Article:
I used Simplicty 2356, a pattern that I purchased on sale at Joann’s a month or so ago for $1. The fabric was a bit pricier, but I can’t remember exactly how much it cost. Maybe $4-6 a yard? The cute fabrics always cost more. I really need to start keeping track of that sort of thing, especially if I’d like to sell some of my creations! I used about a yard of both the main and contrast fabrics, plus some elastic that I already had on hand. I’d estimate this skirt cost about $8-10 dollars to make in materials. It took me about 2 hours to complete, but I think I could do it in less time if I was making several and made them assembly line style.

Next up is my first recycled clothing project!

Sewing Class

I met a friend through a local MOPS group a few years ago who SEWS! Imagine that? This friend, Michelle, ended up buying a house a few blocks from me this past year! A sewing friend that lives close by! How fun! Someday when we are not imprisoned in our homes due to our offspring’s napping schedule, we might be able to craft and sew together. Someday.

But for now, we took a class at Joann’s together.

Viola! Simplicity 2599:

Simplicity 2599

The techniques we learned were handling delicate fabrics, making neck facings, darts, and RUFFLES! I didn’t think I was into the whole ruffle bit, but now I have seen the light. It’s fairly easy and it’s something that I can use to add a feminine touch to garments for both myself and my daughter. Come to think of it, you can probably put a ruffle on most anything. Purses, wallets, headbands. I think I could even make a really wide and long “ruffle” to create garland for Christmas or a birthday decoration.

I highly recommend taking a sewing class. It’s always a good idea to get some help from a friend or teacher- in all areas of life!

Sadly, this doesn’t fit me. It’s huge. I need to either rip it apart and take it in, or start over and scrap this one.

Decisions, decisions.

Kid Couture

Did you know that “haute couture” means “high sewing” or “high dressmaking”? A little tidbit I learned today…

I delved into making a dress for my Sweet Pea. Simplicity 2320- a fun Project Runway inspired pattern with many variations. I used some (what looks cute in person) multi colored courdory that I found in the remnant bin at Joann’s.

She’s not used to modeling yet, so please excuse the deer-in-the-headlights look!

In the midst of making this jumper, I was taking a class at Joann’s with a friend and learned more about facings, pleats, and ruffles. This jumper was a great learning experience and I plan on sewing a different variation with sleeves.
Next up… the February Lady Sweater! Yes! I finally finished it!!!


To the Maternity Designers of the World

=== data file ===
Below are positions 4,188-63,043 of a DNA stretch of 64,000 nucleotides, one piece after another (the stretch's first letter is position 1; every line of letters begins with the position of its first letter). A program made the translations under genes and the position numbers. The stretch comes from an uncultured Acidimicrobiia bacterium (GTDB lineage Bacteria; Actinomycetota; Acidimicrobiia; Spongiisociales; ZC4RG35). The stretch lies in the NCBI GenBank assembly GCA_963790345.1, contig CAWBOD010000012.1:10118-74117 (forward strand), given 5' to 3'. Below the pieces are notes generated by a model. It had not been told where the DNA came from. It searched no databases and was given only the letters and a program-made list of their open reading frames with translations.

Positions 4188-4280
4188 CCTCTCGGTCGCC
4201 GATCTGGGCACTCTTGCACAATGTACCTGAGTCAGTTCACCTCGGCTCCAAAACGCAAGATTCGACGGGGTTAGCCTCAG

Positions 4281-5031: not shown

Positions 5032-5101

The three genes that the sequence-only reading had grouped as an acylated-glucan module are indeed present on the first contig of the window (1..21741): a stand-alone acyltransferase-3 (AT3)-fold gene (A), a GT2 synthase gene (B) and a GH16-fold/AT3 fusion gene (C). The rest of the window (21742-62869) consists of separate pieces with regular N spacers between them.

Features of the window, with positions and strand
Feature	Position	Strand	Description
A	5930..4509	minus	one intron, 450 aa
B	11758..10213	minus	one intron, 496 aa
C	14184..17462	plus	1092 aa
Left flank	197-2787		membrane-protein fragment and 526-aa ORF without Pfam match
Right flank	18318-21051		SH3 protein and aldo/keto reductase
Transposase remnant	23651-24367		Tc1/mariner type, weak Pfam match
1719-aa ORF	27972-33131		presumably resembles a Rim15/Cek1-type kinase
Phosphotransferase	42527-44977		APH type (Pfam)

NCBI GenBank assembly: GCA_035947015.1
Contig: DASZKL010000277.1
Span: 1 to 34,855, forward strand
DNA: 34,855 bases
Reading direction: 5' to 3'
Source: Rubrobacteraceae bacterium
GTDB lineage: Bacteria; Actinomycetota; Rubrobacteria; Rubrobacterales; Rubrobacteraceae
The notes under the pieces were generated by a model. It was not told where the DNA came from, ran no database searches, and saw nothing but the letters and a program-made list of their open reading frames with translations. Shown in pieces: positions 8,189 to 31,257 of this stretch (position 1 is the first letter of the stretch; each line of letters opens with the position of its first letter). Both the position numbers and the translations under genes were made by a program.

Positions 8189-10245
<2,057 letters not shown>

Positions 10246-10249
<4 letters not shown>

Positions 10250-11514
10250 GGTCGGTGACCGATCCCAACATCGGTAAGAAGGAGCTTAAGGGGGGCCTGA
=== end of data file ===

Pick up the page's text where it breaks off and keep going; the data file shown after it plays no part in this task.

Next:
I’d just like to tell you that I do not look good in jewel tones. Please stop making EVERYTHING in DARK, DRAB colors!!!!

It’s tough enough to go shopping when you are 20 pounds heavier than you normally are, with a big ole belly in front, well knowing that what you are buying will only be worn for a few months. I have gone to the big box maternity store with nothing but a pair of jeans to show for it and have fruitlessly searched various department stores for clothes to no avail. I have no choices ANYWHERE!!! And there isn’t a Gap Maternity within 100 miles of me. Oye. Not like their color palette is much better.

And the Nicole Richie line? A hundred and twenty bucks  for a gray flowy bohemian-ish cardigan? Really? Not everybody is the offspring of a wealthy musician.

I’ve ordered this pattern from Burda:

I’m hopeful that *maybe* it’ll work out. Too bad that the model doesn’t look pregnant at all.

The Organza that Changed it All

With baby number 2 on his way soon, we decided to move Sweet Pea into the smallest of our 3 bedrooms. The room has slanted ceilings and a couple little nooks & crannies that we thought would be a fun space for a little girl’s room.

I had ideas and sketches incorporating white eyelet fabrics and soft pink gingham accents…

But then I saw this fabric in the clearance rack at Joann’s:

An embroidered organza for only six bucks. Sold.

Plans quickly changed. I found a great lining on sale with a coupon- I thought the white lining really made the embroidery pop- and the valence project is now my inspiration piece for the room.

I had never worked with sheer fabrics before or linings, but despite the slipping and patience required, I enjoyed it.

I can definitely see the allure of dress-making. With such pretty fabric in my hands I wondered if I would ever sew my daughter a formal dress… or gown… or even for myself! Someday…

The valence is now hanging up in Sweet Pea’s new room. I’m anxiously awaiting the arrival of her (big girl) bed while I work on the rest of the space!